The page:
1980s: Cleanup Begins

The Environmental Legacy of Over a Century of Industrial Mining

In the mid-1980s, the Clark Fork Basin environment was far from healthy. In the urban center of Uptown Butte, abandoned mine dumps still covered the hill, in between houses and businesses, and with little to no natural vegetation present. Just downstream, Silver Bow Creek, after 100 years as an industrial sewer, was a toxic stream with little to no aquatic life due to metals contamination from mine waste in the streambanks, in the floodplain, and carried by surface runoff from mine dumps on the Butte hill. Further downstream in Anaconda, hundreds of millions of cubic yards of smelter tailings still remained. Near Deer Lodge, considerable volumes of mine waste in the Clark Fork River floodplain were easily distinguished by the lack of vegetation, and, in some places, streamside tailings deposits from the 1908 flood can erode into the river, causing sporadic fish kills. At the Milltown Dam, several million cubic yards of Butte and Anaconda tailings remained, buried in the reservoir, seeping into groundwater. In other words, the Clark Fork Basin in the mid-1980s was something of a mess.

One of many abandoned mine dumps on the Butte Hill. This dump sits at the Mt. Con mine, famous for being "a mile deep." As part of the reclamation and restoration of the Upper Clark Fork Basin, many dumps have been capped with 18 inches of clean topsoil and revegetated to hold the waste in place, preventing it from eroding back into Silver Bow Creek, seeping into groundwater, or blowing away in high winds.

One of many abandoned mine dumps on the Butte Hill. This dump sits at the Mt. Con mine, famous for being “a mile deep.” As part of the reclamation and restoration of the Upper Clark Fork Basin, many dumps have been capped with 18 inches of clean topsoil and revegetated to hold the waste in place, preventing it from eroding back into Silver Bow Creek, seeping into groundwater, or blowing away in high winds.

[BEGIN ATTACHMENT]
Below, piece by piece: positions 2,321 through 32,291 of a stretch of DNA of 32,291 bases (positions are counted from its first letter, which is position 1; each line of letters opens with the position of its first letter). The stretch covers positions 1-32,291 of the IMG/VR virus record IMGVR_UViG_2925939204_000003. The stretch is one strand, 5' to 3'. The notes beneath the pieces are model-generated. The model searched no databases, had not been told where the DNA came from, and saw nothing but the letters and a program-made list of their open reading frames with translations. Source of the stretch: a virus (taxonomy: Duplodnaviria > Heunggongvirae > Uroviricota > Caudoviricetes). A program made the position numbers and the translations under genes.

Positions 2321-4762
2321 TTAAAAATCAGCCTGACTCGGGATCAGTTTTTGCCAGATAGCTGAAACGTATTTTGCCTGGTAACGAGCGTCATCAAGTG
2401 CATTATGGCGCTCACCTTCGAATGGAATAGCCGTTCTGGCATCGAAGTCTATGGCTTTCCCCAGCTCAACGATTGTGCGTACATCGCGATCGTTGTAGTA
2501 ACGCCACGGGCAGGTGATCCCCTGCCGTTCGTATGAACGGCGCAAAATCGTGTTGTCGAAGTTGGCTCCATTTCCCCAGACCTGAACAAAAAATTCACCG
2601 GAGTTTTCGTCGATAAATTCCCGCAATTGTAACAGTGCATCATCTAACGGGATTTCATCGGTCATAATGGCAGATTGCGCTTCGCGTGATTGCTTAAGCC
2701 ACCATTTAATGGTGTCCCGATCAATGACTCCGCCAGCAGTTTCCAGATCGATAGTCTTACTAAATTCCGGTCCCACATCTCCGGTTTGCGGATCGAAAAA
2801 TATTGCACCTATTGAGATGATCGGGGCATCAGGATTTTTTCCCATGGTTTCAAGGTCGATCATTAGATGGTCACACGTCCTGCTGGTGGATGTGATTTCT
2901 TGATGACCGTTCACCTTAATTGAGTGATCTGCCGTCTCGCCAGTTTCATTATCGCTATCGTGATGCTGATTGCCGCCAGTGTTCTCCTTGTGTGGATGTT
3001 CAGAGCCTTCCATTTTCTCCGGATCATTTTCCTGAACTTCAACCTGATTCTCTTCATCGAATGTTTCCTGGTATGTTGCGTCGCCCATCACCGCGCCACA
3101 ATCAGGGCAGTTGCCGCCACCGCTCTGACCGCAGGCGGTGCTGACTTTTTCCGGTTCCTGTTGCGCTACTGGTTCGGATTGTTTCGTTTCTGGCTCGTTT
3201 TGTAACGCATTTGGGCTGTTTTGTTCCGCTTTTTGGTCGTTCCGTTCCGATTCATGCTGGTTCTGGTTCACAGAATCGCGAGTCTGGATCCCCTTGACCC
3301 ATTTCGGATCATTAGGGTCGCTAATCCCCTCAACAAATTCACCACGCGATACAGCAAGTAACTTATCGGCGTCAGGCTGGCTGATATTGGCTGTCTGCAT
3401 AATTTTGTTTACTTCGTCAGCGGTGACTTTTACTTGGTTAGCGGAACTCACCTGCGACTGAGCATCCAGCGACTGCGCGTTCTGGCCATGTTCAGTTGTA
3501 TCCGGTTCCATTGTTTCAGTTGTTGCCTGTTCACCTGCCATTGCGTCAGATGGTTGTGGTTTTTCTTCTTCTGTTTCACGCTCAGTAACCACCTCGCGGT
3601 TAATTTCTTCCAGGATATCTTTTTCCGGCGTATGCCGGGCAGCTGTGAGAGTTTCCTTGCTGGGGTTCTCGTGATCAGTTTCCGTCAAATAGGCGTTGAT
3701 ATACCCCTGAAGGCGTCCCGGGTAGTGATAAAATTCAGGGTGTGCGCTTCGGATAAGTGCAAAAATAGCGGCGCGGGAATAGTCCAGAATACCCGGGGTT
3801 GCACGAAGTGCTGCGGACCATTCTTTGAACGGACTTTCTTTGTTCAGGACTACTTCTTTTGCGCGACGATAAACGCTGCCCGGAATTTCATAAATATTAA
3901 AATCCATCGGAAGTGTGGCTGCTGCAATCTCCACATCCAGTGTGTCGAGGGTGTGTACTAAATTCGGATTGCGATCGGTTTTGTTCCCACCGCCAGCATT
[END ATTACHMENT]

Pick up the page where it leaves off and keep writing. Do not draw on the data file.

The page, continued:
Historic mine tailings deposits washed down Silver Bow Creek and settled in the floodplain and along streambanks, hindering vegetation and harming aquatic life. This stretch of the creek, where it meets Browns Gulch, has already been restored. Tailings are removed to the BP-Arco Waste Repository, the stream channel and banks are reconstructed with new, clean soil, and the floodplain and banks have been revegetated. Restoration work still continues downstream of this site.

Historic mine tailings deposits washed down Silver Bow Creek and settled in the floodplain and along streambanks, hindering vegetation and harming aquatic life. This stretch of the creek, where it meets Browns Gulch, has already been restored. Tailings are removed to the BP-Arco Waste Repository, the stream channel and banks are reconstructed with new, clean soil, and the floodplain and banks have been revegetated. Restoration work still continues downstream of this site.

The Opportunity Ponds, now called the BP-Arco Waste Repository, historically served as one of the main mine tailings disposal areas for the Anaconda smelter. The site covers roughly five square miles, and holds over 160 million cubic yards of mine tailings. In some parts of the complex, tailings are 40 feet thick. Historically, the tailings were mixed with water, but with the end of smelting, they were left to dry out, leading to dust storms that could potentially impact human health. As part of the reclamation and restoration of the Upper Clark Fork Basin, tailings have been capped with cleaner topsoil. The area is then revegetated; vegetation prevents erosion and holds the waste in place, reducing potential impacts from dust storms.